Talk to a Consultant 866-873-8050
Contact Us

Don’t Dread the Dredge: Pre-Dredging Considerations

According to the United States Army Corps of Engineers (USACE), The United States is the world’s leading maritime and trading nation for major bulk commodities such as grain, coal, and petroleum and this trade is essential for maintaining economic competitiveness and national security.

The inland waterway system carries one-sixth of the Nation’s volume of intercity cargo. On the coasts, Great Lakes, and inland waterways, the importance of maintaining channel depths and shallow draft harbor projects is underscored by the estimate that nearly 25 percent of the nation’s economic activity depends on foreign trade handled by these ports. Maritime transportation additionally provides critical national defense value by supporting the mobilization and sustainability of America’s military. Whether for public defense, infrastructure, or transport, import and export dollars spent at Americans ports multiply exponentially when considering GDP.

To maintain this status, federal and private entities must constantly maintain navigable inland waterways and develop shoreline facilities. Here, dredging comes into play to excavate sediments and dispose of them in a different location. It’s not as simple as renting a piece of equipment and digging away. One must also consider permitting, dredge material placement, environmental sampling, ecological and cultural impacts, regulatory reporting, and the time and effort required.

Below are some basic topics to consider ensuring proper project scope and setup.

Define the Area to Be Dredged

Perhaps you are looking to develop a new dock for product receipt and transfer. Is it all current waterway, or does it contain portions of upland?  You’ll need to define the final depth and obtain a current bathometric survey of the area and ensure no major submerged obstacles are in the way.

Current Status of the Land or Waterway

This includes ownership and jurisdiction, current and past uses of the area.  A Phase I Environmental Site Assessment (ESA), cultural study, ecological assessment, wetlands delineation, and pedestrian survey may be required during the permitting process. If recognized environmental concerns (RECs), wetlands, or cultural sites are present, this would impact project feasibility, timeline, and cost.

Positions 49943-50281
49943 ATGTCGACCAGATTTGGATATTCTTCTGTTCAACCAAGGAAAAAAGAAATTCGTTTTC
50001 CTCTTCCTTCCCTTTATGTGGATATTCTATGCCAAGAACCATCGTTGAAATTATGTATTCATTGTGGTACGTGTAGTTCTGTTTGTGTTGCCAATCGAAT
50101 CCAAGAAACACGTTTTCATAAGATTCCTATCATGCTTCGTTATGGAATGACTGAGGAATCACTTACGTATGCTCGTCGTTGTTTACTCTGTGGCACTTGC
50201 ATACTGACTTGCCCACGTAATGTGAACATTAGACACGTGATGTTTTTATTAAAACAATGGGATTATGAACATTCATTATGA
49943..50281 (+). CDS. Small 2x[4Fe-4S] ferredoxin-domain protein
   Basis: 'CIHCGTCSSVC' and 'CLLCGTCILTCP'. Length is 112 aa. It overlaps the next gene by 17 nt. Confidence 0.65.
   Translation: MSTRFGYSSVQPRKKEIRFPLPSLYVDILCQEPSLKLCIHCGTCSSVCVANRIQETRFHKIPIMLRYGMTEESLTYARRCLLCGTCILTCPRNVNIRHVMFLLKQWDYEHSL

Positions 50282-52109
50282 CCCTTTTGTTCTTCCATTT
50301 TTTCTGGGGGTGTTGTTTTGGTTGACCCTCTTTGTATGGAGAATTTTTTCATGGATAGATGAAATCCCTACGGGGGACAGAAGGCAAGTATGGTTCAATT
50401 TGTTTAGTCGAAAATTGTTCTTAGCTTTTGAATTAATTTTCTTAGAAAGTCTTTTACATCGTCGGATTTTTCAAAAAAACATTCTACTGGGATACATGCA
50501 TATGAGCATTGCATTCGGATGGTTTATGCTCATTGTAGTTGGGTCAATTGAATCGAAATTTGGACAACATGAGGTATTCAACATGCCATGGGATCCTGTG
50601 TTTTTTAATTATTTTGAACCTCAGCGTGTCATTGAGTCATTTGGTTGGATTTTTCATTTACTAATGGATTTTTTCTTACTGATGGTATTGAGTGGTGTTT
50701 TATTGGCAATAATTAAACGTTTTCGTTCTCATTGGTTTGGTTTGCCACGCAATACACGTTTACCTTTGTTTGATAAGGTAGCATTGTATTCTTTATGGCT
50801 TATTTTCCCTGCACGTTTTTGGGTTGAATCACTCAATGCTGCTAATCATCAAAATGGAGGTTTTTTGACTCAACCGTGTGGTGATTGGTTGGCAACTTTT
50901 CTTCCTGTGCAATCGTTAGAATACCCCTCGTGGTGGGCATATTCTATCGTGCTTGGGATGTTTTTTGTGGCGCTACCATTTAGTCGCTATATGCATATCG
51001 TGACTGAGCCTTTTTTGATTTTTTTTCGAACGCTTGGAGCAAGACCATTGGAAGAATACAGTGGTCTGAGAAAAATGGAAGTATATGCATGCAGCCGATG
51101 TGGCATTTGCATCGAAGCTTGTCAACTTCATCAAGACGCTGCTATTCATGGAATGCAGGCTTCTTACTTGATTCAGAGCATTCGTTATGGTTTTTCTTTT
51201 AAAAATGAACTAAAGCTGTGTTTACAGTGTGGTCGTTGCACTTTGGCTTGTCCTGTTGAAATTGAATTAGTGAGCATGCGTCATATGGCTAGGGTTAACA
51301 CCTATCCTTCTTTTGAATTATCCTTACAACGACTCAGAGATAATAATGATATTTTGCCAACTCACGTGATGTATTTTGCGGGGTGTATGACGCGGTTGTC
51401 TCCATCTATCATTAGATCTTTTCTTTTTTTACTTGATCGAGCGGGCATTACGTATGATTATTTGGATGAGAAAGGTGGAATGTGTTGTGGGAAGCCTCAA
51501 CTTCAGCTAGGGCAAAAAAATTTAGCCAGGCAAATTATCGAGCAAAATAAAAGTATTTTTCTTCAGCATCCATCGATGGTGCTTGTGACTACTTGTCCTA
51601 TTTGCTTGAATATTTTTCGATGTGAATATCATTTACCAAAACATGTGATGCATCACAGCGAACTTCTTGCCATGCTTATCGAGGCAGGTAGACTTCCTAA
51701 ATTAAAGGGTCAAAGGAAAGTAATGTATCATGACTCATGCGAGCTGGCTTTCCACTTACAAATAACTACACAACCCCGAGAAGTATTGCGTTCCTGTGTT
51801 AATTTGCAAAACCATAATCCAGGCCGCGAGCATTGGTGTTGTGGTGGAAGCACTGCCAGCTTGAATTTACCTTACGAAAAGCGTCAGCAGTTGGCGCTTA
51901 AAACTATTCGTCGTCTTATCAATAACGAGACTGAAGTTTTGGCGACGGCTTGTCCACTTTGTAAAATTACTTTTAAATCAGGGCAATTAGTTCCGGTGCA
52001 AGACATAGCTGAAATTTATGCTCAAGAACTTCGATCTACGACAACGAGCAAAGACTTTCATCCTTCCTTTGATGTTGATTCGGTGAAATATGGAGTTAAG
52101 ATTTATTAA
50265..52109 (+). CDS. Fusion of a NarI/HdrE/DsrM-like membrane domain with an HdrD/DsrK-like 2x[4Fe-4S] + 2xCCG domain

Permits to Remove and Place Materials: USACE Clean Water Act Section 404 and the Rivers and Harbors Act Section 10

Different permits exist depending on the type of dredging you will be performing. If there are pre-issued permits from dredging, you want to ensure the timing of this permitting lines up with your project needs.

Dredge Material Placement

Dredge material placement, which is usually done in Dredge Material Placement Areas (DMPAs) in Upland Confined Facilities (UCFs) or Offshore areas. Typically, there is very little space to place dredge materials.  The federal government maintains several placement areas, but those may be full or may not be located close to your project site.  Additionally, federal and private entities will likely require some form of planning, sampling, and reporting of the material you plan to place in their facility.  Fees, timing, and permitting must also be considered.

The chemical composition of dredged material in relation to different ecological and human health standards also plays a large role in the ability to discharge sediment and water. The potential to “open water discharge” sediment is by far the most appealing and efficient discharge options. Not surprisingly, it has the most restrictive standards for analytical comparison. Open water discharge is not a viable option in most places and for most projects. Placement into DMPAs or UCFs is usually less restrictive from an analytical and standard perspective, but usually requires more controls for deposition.  Lastly, in situations where chemical constituents may be present at levels that exceed human health standards, some form of controlled disposal into a regulated landfill maybe be required. It is also possible to reuse the materials for other projects, depending on the results of geotechnical investigations and the risk tolerance of the user.

If you keep some of these considerations in mind before you commence your dredging project, there will be nothing to dread!

Contact Our Environmental Consultants

If you have any questions on dredging and permitting, please give us a call or click the link below to fill out our Contact Us form.